Like A Fake Affair, Do You Remember Me? is a full-color manga formatted for phone/tablet scrolling. In this case, the series has been exclusively tied to Tapas since July 2022 so the number of views, subscribers, and likes will only climb higher from here! Tapas describes the story:
Growing up in a rural town, Lee Jihyun had dreamed of becoming a fashion columnist. Now at 30, she finds herself working for a celebrity gossip website with a bulldog clip in her hair. A rumored relationship concerning her favorite star, Haneul, and an observation from a colleague causes her to reminisce about her childhood crush, Jimin. Is Haneul really the boy she once knew? To confirm her suspicions she contacts her hometown friend, Taein, not knowing that he harbors a crush of his own.
The series is 8 volumes long and still ongoing in Japan. I'm not sure why they use the Korean names here, but whatever, I want to read it! Just not on Tapas. Check it out here.
So, I have a Monkey Paw curse when it comes to Akiko Higashimura. I have to really, really be careful about my general wish of wanting to see her work get licensed. I want to see it licensed for print and wide digital distribution.
I'm a budding manwha reader so I'm not super hip to all of the trends, genres, and lingo. However, I found a few series that I have fallen in love with and wish they receive a wider release.
Little Rabbit and the Big Bad Leopard by Mogin, Yasik, and Sadam
Little Rabbit and the Big Bad Leopard is a cute shifter romance manwha that I hope receives a wider release. Tapas describes the story:
Vivi is a... wererabbit?! As a creature that’s supposed to transform into a human, Vivi is a failure, demonized as cursed and sent off to her doom. Luckily, her demise is cut short as Ahin of the Black Leopard Clan saves her. But with every threat and command this temperamental heir tosses at Vivi, she’s questioning her safety (and sanity). Surrounded by carnivores and their strong pheromones, she'll try to survive the chaos while stuck in her rabbit form. Will she figure out how to transform and tap into the power within her cute, furry self?
This is an episodic, slice-of-life story where Vivi learns how to handle her powers as well as fall in love with the enemy. The illustrations are gorgeous. The story is still ongoing at 76 chapters. Check it out here.
Who Made Me A Princess? by Plutus and Spoon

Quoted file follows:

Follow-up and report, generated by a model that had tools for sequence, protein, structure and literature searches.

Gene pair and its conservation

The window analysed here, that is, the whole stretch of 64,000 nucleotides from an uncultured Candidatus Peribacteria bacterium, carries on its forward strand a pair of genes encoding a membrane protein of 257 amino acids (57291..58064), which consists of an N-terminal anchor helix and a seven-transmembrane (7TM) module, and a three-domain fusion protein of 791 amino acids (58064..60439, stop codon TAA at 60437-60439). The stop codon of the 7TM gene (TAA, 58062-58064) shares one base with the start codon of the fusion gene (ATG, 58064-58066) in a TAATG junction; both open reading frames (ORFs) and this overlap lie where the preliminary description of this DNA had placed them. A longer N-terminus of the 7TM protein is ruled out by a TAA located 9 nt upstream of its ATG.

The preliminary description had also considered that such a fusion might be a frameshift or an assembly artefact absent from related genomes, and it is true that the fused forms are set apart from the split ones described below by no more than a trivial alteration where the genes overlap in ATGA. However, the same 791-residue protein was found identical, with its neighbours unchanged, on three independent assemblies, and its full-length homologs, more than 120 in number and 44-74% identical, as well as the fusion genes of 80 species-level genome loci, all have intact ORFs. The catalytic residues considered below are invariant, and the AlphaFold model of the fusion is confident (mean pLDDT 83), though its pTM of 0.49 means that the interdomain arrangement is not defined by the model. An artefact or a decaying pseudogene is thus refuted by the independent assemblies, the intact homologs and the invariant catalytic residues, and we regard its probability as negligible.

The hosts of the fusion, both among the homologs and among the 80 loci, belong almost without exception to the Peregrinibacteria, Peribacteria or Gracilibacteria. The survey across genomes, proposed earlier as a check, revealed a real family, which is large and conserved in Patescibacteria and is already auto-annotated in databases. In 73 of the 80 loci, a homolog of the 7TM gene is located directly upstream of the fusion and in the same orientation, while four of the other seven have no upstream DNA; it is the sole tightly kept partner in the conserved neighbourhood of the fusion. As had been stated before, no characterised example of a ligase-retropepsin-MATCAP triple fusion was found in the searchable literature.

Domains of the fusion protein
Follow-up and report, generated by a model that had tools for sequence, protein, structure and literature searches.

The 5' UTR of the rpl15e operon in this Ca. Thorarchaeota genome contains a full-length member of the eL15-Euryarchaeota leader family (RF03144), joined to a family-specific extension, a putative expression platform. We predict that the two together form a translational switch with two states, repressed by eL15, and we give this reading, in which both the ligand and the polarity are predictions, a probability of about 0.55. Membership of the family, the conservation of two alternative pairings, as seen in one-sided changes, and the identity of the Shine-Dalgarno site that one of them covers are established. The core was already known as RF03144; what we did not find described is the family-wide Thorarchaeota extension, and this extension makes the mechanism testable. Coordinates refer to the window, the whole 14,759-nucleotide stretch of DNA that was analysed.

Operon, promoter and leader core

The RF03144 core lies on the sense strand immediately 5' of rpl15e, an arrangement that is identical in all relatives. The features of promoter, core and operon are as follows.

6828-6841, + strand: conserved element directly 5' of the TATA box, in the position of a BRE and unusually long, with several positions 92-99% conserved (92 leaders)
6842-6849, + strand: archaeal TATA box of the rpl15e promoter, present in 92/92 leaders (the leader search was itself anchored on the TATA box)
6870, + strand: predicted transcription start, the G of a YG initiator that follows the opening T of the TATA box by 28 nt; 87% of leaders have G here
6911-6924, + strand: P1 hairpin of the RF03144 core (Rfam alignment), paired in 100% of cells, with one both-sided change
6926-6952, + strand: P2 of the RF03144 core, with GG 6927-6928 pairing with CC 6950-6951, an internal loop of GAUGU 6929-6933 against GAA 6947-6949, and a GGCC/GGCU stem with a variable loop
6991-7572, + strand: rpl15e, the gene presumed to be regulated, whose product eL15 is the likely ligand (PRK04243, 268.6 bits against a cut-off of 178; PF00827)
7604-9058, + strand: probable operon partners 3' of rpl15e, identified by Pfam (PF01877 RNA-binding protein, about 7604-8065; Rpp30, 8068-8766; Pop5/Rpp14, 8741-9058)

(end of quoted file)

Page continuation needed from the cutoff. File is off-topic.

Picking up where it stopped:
Who Made Me A Princess is a fantasy story about a woman being reborn as a princess to a cold-hearted father. As she grows up, she changes her fate to avoid dying or worse. This is a novel turned manwha. I love the crafty heroine and the rapport she builds with her father. I love the lore and the growing conflict between the heroine, her father, and the rest of the royal court. If you're looking for a father/daughter story with some drama and comedy or a fantasy about royalty, check out Who Made Me A Princess. The manwha is complete at 125 chapters on Tappytoon, and the series is still being released on Tapas. I'm keeping my fingers crossed that this manwha will get a print release.
Who's Your Daddy? by Anko, Gyungta, and JangRyang
Who's Your Daddy is a boys-love (BL) mystery romance drama following Louis, a captain of the 2nd Guard, as he solves two mysteries: one—which royal did he sleep with and become impregnated by, and two— who is the serial killer terrorizing the town? This is an mpreg story. The rules are simple. In this world, only male members of the royal family can impregnate anyone. This is a manwha where the serial killer plot is just window dressing to the hot romance brewing between Louis and a member of the royal family, and it shouldn't surprise anyone who the baby daddy is. (Hint: take a good look at the cover.) I really hope Seven Seas (or anyone really) picks this up for physical distribution. The manwha is short and complete overseas at 47 chapters, and Lehzin US has released about half of the series. Check out this really spicy BL here.
I'm not super into re-releases these days as there's just so much new manga to read, but nostalgia is a hell of a drug. Some manga is completely out-of-print; Others are getting there. I would kill for a "Collector's Edition" or just a basic-ass omnibus for the following series.
Banana Fish by Akimi Yoshida
Banana Fish is one of the few series filed under VIZ's Shojo Beat imprint that has zero romance in it. At heart, it's a hardboiled mystery thriller set in NYC in the 80s. Shojo Beat describes the series:
Nature made Ash Lynx beautiful; nurture made him a cold ruthless killer. A runaway brought up as the adopted heir and sex toy of “Papa” Dino Golzine, Ash, now at the rebellious age of seventeen, forsakes the kingdom held out by the devil who raised him. But the hideous secret that drove Ash's older brother mad in Vietnam has suddenly fallen into Papa's insatiably ambitious hands--and it's exactly the wrong time for Eiji Okamura, a pure-hearted young photographer from Japan, to make Ash Lynx's acquaintance...